An example of this is the conflict between the African Americans and the Ku Klux Klan. There are clear examples of functionalism in this movie. The environment that Cecil's father and the plantation owner lived in was an example of the functionalism theory. The slave owner treated and thought of the slaves as less than human. This was good for the slave owner which justified his use of the slaves for his purposes.
Fredrick Douglass was an African-American social reformer, abolitionist, orator, writer, and statesman who wrote My Bondage and Freedom which expressed his struggles and reflections about slavery. Through his journey, he has experienced the positive and the negative of being an indentured servant. Douglass has interacted with individuals who were much like as well as the people who put him down-slave-owners. The slave owner's lack of restraint and logical reasoning causes them to decline not only in the interactions with non-slave owners and interactions between other slave owners but also in economics and politics. Fredrick Douglas argues and justifies the dehumanization of slaves and explains why
Frederick Douglass was a well known advocate against slavery, who used his own experience when enslaved to demonstrate the immorality of slavery. However, he illustrates in this autobiographical essay that his escape from slavery was not only a victorious experience but also a fearful one. By changing between his states of mind after he became a freeman Douglass demonstrates that freedom is not simply a satisfying victory but also a distrustful one. He uses this experience to underscore his point his point, that the situation of a fugitive slave is much worse than many citizens, even abolitionists, believed. WHY The first state of mind is calm and content, with a hint of victory entering Douglass's tone.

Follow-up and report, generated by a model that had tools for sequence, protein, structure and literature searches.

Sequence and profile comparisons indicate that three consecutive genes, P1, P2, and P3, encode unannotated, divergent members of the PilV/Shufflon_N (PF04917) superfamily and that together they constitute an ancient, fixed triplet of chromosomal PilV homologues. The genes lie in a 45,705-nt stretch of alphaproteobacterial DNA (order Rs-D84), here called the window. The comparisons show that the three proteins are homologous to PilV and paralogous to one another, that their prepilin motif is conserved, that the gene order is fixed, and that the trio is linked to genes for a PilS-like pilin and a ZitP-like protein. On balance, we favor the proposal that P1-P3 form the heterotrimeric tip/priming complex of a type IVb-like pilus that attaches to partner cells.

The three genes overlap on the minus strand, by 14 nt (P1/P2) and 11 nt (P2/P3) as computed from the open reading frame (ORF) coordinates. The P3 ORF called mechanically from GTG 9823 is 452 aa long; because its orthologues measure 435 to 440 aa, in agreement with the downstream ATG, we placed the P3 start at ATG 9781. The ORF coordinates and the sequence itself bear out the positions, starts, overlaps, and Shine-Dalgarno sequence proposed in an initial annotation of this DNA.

To begin, Douglass uses ethos to state his opinion about slavery, which is accurate because he was once a slave and knows what it feels like to be treated unfairly. He uses a bundle of ethos, “Who so stolid and selfish, that would not give his voice to swell the hallelujahs of a nation’s jubilee, when the chains of servitude had been torn from his limbs” (2) shows how he uses ethos in a sarcastic manner. He also establishes diction
The purpose of the Underground Railroad was to free slaves from the ownership of slave owners, and did just that. Over 100,000 thousand slaves were freed from slave owners, and they managed to live their own lives. While slaves escaping did bring about anti-black sentiment from the Southern States most clearly seen in the Fugitive Slave Act, it brought support for abolition because white people could see that all the slaves were just as human as the rest of them. This may not have changed their beliefs of inferiority, but it did change their beliefs that African Americans deserved such cruel treatment. After the awareness of the slaves’ capabilities and the living in communities with slaves, white people in the North that still supported slavery changed their stance after seeing first hand that black people, not just the few free blacks, were similar to everyone else.
When people talk about slavery they more or less tend to label the good ones who were against slavery into the North and then the monsters as being the Southerners. Stowe showed the readers that this isn’t true, and that you can’t just point and blame that easily. Through Tom’s owners, Mr. Shelby and St. Clare, Stowe showed us the reality of kindness that some Southern slave owners possessed. Both of these slave owners believed it wrong to harm their slaves and to treat them with any type of cruelty. St. Clare tended to share his opinions on slavery, and Stowe used this character to show how many Southerners thought slavery to be an act of iniquity, but were too stubborn to try and change the ways of their society.